If time is of the essence and something eats away at the time you need to build up your retirement, then one option is to adjust your retirement age by pushing it back later in life, keeping you in the workforce and giving you and your investments more time to grow.

Time is always of the essence, but with retirement, it’s a long game to be sure. The retirement date you choose (with help from your financial adviser) is what you’re working against.

Paying into Retirement

In the good ol’ days, you worked at one place, you paid into your pension, you worked until you were ready to retire, then you started collecting your retirement. For the most part, those days are gone.

What’s also gone is the idea that you “pay” into your retirement. Rather, the idea that you “invest” into your retirement is more accurate.

More than likely, the money you have withheld gets invested into a retirement account that grows (ideally), and eventually is disbursed to you. It’s money, but you’re not paying yourself. You’re investing in your retirement.

So how much money is enough to retire? The short answer: depends. Ask yourself a few questions:

  • Where do I want to live?
  • How do I imagine I’ll be living?
  • What kind of things will I be doing?
  • Will I be able to invest until then? And how much?

The Multiply by-25 Rule

There’s a rough equation that helps calculate whether you’ve saved enough. It’s called the “multiply by-25” rule. According to Fool.com, you multiply your desired annual income in retirement, less projected annual Social Security benefits, by 25. If your savings are greater than that, then you’re in good shape.

Let’s say you’ll earn $75,000 in retirement and your pension, and Social Security pay out another $25,000. Subtract $25,000 from $75,000 and you’re left with $50,000. Multiply that by 25, and you get $1.25 million. That’s the estimated amount of money you’ll need at retirement.

There are a couple problems with this formula, however. First, it’s very loose and very rough. You can estimate what you’d like your annual income to be, but the younger you are, the more you have to consider inflation. A new car in 1979 cost $2,000. A new car in 2015 can easily cost $30,000. How much will $30,000 buy by the time you’re ready to retire? It’s unclear, but it’s worth considering.

Second, the big Social Security question mark raises its ugly head in this equation. Unfortunately, it’s not as dependable a source of income as it used to be. In the time since it began, there was a population boom. Coupled with increased life expectancy, more people are living longer, adding unanticipated strain on Social Security as a feasible means of income for retirees. Pessimists anticipate that Social Security will run out of funds. Others say it will live on, but as a greatly diminished resource.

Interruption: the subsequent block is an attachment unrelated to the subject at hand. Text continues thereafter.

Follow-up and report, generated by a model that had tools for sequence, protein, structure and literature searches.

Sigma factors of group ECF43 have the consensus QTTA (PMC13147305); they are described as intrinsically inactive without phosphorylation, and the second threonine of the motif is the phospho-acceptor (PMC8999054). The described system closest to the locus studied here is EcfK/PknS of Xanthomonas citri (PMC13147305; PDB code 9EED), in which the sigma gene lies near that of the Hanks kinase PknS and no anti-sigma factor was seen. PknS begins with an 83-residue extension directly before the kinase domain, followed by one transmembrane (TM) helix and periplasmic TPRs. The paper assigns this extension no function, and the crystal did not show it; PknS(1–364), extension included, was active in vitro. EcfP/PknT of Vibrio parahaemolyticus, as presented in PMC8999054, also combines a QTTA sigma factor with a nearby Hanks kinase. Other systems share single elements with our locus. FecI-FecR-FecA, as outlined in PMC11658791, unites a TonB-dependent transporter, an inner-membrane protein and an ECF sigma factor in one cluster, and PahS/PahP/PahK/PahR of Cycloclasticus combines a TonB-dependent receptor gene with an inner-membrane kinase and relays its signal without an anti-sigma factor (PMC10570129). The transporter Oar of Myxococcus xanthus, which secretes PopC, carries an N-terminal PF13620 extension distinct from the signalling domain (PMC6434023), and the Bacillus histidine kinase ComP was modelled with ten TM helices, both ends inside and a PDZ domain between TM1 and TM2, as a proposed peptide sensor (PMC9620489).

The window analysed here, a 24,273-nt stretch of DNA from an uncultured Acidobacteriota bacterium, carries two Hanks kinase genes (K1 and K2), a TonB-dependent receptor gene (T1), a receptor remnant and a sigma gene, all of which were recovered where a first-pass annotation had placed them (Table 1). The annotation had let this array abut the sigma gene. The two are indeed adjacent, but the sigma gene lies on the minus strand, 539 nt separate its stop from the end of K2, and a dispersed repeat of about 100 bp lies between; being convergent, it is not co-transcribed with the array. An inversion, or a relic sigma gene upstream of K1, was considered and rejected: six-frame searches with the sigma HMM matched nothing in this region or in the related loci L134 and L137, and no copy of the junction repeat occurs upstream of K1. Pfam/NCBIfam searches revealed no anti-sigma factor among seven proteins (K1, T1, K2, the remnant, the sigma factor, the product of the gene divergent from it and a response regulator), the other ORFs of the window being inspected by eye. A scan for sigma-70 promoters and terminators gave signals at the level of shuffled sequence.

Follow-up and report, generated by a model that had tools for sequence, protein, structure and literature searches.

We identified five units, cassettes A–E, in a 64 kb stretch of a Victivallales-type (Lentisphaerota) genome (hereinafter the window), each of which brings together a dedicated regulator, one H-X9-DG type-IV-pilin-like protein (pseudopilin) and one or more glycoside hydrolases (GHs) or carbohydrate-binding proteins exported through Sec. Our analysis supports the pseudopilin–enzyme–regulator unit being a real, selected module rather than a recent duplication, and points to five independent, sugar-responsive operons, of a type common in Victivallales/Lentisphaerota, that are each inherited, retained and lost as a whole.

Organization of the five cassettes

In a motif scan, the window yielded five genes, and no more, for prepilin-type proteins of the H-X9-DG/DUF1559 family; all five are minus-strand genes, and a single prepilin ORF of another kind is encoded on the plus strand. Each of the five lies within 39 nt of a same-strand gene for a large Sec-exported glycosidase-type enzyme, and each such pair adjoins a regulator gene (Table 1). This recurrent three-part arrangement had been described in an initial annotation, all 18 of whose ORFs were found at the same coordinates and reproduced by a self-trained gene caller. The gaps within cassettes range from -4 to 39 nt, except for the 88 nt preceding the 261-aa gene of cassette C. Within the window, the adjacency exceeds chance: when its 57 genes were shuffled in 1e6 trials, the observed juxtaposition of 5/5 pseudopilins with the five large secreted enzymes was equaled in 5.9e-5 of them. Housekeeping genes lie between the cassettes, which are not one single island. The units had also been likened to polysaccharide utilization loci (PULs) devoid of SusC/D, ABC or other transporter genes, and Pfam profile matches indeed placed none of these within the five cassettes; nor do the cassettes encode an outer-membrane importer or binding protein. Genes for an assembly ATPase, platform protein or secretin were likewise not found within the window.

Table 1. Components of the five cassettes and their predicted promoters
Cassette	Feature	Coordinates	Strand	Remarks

Just as uncertain is the future of tax policies – specifically those associated with retirement disbursements. With 401(k)s, traditional IRAs and Roth IRAs, there are tax penalties for withdrawing before a specific age. And whether or not you choose to be taxed at the time of investment or withdrawal, the government will get its cut. How much those taxes are 10, 15 or 30 years from now is up to our policymakers.

Either way, time will tell what it means for retirees, and for the multiply by-25 rule.

Creating Your Portfolio

So how much is enough? It’s hard to say. More is better, but enough in the right places is best.

The general rule is to allocate your portfolio in fixed income funds, such as bonds, in an amount that’s equal to your age. So if you’re 40, 40% of your portfolio should be in bonds. The rest is in stock. That way, the older you get, the more funds you have secured against market volatility.

A good mix throughout your retirement investment is key. A financial planner can help you mix and match your portfolio to help you reach your retirement goal.

When the Big Day Comes

When you hit the age of retirement, hopefully time and money both add up to a nice, lazy beach vacation reading a book while the grandkids build sandcastles. But until then, there’s plenty to consider.

Much like buying a home, a lot goes into preparing for retirement. A lot of it is up to you, but with the help of a financial planner and a constant investment into your retirement future, you’ll be ready to take in those golden years in the best way possible.